iPhone Resale Market Takes Off, But is It a Safe Road to Take?
The iPhone 4 certainly drew its share of oohs and ahhs when Apple CEO Steve Jobs unveiled it last week, all but guaranteeing a sellout when it hits the stores on June 24. With millions of 3G customers about to finish up their two-year contract, they are ready to upgrade, as are 3GS users, whose phone pales in a feature comparison to the new iPhone 4.
In the past, such phones would wind up as hand-me-downs to a family member or colleague, be recycled, or tossed in a closet. But there has been an explosion in buybacks through sites like Gazelle, FlipSwap, Cell for Cash, NextWorth and YouRenew, which are paying some very good prices for a phone that's a few years old.
An iPhone 3G 8GB model sold for $199 with two-year contract in 2008. Yet FlipSwap offers $140 for it, Gazelle $126. A 16GB 3GS would fetch around $228 when it went for $299 new and has just been cut to $249. Some of these companies ask about the condition of the phone and whether you have extras like the headphone wires and power plug.
A spokesperson for Gazelle told InformationWeek that the company received more than 1,000 trade-in requests for the iPhone 3GS on the day Jobs announced the iPhone 4. By contrast, there were 141 trade-in requests when the 3GS was announced last year, making for a 700 percent increase this year.
The spokesperson added that the 3GS in general represents 65 percent of trades, "which is much higher than we thought it would be." That's because a 3GS is going to be at best a year-old, so the customer is still under a two-year contract and will likely have to pay a steep early termination fee with AT&T to switch to the iPhone 4.
Dave Stritzinger, CEO of FlipSwap, said he did not have any particular metrics from the iPhone 4 announcement, but that there's always a spike in trades when something new comes out. "For many people, their phone is a fashion statement that says 'I have the latest and greatest,'" he told InternetNews.com. FlipSwap has been offering trades since 2005.
But these firms can pay premium because these phones are headed out of the country, said mobile phone analysts. "People often forget that there are many parts of the world where people are willing to spend real money to get the devices we take for granted here. They don’t get the first run products we get," said Jack Gold, president of J.Gold Associates.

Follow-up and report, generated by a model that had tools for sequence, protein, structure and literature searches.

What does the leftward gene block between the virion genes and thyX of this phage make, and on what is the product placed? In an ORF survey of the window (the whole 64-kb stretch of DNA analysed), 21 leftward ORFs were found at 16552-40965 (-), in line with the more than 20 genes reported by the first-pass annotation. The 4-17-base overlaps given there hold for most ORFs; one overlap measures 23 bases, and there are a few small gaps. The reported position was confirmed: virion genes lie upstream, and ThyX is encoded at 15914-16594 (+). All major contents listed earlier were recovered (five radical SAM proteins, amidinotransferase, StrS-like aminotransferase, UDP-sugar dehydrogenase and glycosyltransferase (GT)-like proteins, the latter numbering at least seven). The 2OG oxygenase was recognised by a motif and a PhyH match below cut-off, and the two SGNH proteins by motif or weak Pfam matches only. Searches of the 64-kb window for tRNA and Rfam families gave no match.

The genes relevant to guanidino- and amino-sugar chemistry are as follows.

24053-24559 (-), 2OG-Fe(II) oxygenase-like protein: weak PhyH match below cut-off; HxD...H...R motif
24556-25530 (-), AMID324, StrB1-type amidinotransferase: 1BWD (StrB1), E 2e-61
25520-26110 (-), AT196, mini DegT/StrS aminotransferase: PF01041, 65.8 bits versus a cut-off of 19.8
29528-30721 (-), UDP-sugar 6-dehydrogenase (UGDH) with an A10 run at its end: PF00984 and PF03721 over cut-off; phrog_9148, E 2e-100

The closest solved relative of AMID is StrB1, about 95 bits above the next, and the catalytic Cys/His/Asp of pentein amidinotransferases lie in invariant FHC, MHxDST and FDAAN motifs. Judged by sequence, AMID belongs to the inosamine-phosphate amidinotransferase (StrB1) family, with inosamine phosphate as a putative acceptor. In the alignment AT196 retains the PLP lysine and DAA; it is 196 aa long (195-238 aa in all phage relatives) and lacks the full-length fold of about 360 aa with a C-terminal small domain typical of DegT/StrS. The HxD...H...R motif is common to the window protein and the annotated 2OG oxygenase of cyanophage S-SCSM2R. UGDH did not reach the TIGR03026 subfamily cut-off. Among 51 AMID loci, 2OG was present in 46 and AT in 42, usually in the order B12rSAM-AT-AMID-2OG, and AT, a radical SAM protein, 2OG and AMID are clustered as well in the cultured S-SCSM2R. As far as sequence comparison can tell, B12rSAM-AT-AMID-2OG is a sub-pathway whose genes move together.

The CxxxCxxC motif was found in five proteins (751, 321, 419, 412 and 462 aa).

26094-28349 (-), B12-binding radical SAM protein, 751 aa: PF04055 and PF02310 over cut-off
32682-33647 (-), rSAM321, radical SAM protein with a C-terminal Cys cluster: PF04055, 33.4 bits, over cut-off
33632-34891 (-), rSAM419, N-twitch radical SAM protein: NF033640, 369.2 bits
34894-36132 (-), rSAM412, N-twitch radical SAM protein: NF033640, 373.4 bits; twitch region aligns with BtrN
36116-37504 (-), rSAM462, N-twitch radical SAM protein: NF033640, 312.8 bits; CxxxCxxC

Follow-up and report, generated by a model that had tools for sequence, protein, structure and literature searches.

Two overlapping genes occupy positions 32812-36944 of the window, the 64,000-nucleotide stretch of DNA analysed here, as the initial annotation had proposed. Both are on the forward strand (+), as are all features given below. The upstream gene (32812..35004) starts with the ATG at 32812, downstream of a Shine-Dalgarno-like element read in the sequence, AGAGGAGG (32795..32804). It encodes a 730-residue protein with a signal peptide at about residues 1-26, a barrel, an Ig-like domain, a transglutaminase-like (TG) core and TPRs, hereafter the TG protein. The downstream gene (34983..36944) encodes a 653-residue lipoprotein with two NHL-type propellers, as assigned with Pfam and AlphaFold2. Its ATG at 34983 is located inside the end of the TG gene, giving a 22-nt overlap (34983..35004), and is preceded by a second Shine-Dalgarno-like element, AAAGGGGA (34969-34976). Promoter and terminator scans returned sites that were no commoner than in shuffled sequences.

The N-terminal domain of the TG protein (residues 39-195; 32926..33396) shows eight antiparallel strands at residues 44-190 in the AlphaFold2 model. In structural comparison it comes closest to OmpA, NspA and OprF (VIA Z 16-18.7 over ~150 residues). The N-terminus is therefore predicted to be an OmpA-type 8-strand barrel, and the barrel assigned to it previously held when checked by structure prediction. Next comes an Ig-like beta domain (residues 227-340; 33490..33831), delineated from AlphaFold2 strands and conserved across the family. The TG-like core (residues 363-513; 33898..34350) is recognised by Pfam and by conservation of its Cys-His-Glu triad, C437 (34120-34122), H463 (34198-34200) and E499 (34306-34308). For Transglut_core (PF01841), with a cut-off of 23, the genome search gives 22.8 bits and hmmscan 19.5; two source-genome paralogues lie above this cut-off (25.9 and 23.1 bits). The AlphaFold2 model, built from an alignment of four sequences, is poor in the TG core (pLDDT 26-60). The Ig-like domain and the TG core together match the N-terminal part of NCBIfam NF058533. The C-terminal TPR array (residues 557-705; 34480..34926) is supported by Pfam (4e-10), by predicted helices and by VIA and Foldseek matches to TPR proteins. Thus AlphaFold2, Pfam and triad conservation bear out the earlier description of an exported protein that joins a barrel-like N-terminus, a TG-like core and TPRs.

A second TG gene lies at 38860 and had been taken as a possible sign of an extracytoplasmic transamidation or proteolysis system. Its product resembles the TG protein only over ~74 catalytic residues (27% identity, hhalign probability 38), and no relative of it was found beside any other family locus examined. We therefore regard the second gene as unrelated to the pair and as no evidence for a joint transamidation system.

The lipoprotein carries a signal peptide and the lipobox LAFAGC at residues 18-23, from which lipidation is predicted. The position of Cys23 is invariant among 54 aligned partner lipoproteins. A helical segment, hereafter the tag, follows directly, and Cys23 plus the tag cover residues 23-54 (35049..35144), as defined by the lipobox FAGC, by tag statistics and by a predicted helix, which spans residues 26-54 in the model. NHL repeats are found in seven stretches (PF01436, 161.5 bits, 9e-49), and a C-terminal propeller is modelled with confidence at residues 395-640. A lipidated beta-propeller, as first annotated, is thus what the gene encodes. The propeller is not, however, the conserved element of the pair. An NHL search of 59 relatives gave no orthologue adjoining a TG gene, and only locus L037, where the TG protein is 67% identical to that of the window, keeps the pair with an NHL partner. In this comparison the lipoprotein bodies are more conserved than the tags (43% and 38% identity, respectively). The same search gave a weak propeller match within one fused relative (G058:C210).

Will Stofega, program manager for mobile device technology and trends at IDC, noted that even for the price paid in the U.S., the phones can still be profitable overseas. "In India, the cost of the phone is not subsidized like here. There's no 3G service in India and China, but there is a hunger for these devices, for the bling value," he said.
Stritzinger points out there is a big price gap between what the phone sells for with a two-year contract ($199 and $299 for the iPhone 3GS 16GB and 32GB models, respectively) and what they sell for without a contract ($599 and $699, respectively).
"There's a retail value in that phone that is far higher than [the subsidized price], which is why we are able to offer a much higher price in your trade in offer. The average consumer has no idea what that device costs the operator. You are buying a device that's expecting you to use air time to recoup the cost of the subsidy," he said.
Safe to Make a Trade?
The question then becomes, can you trust these firms? The phone number listed on Gazelle's site is not active and the company did not respond to an e-mail request for comment. Cell for Cash has an 800 number which said on a recorded message that the line is not checked for messages, all business is done by e-mail. Its press release/media page hasn't been updated in three years. Analysts say you are taking a chance, but don't be foolish.
"There's no way to know if they are legit. It's a risk. I am sure there are legit sites and there are fake sites like everything else. This is a big buyer beware," said Gold.
"It certainly would behoove anyone sending a phone in to think that if they can't get in touch with anyone to do business, there isn't anyone to do business. I would assume anyone who wants to do this should make sure you get a live body before you ship your phone anyplace," said Rob Enderle, principal analyst with The Enderle Group.
FlipSwap is a member of the Better Business Bureau, and Gazelle carries the BBB logo as well. Stritzinger said that if consumers are not comfortable with the leap of faith by sending in their phone, FlipSwap also works with independent mobile storefronts. "We're in a number of dealerships throughout the country, where people can get an in-store gift card or coupon. That will mitigate your exposure," he said.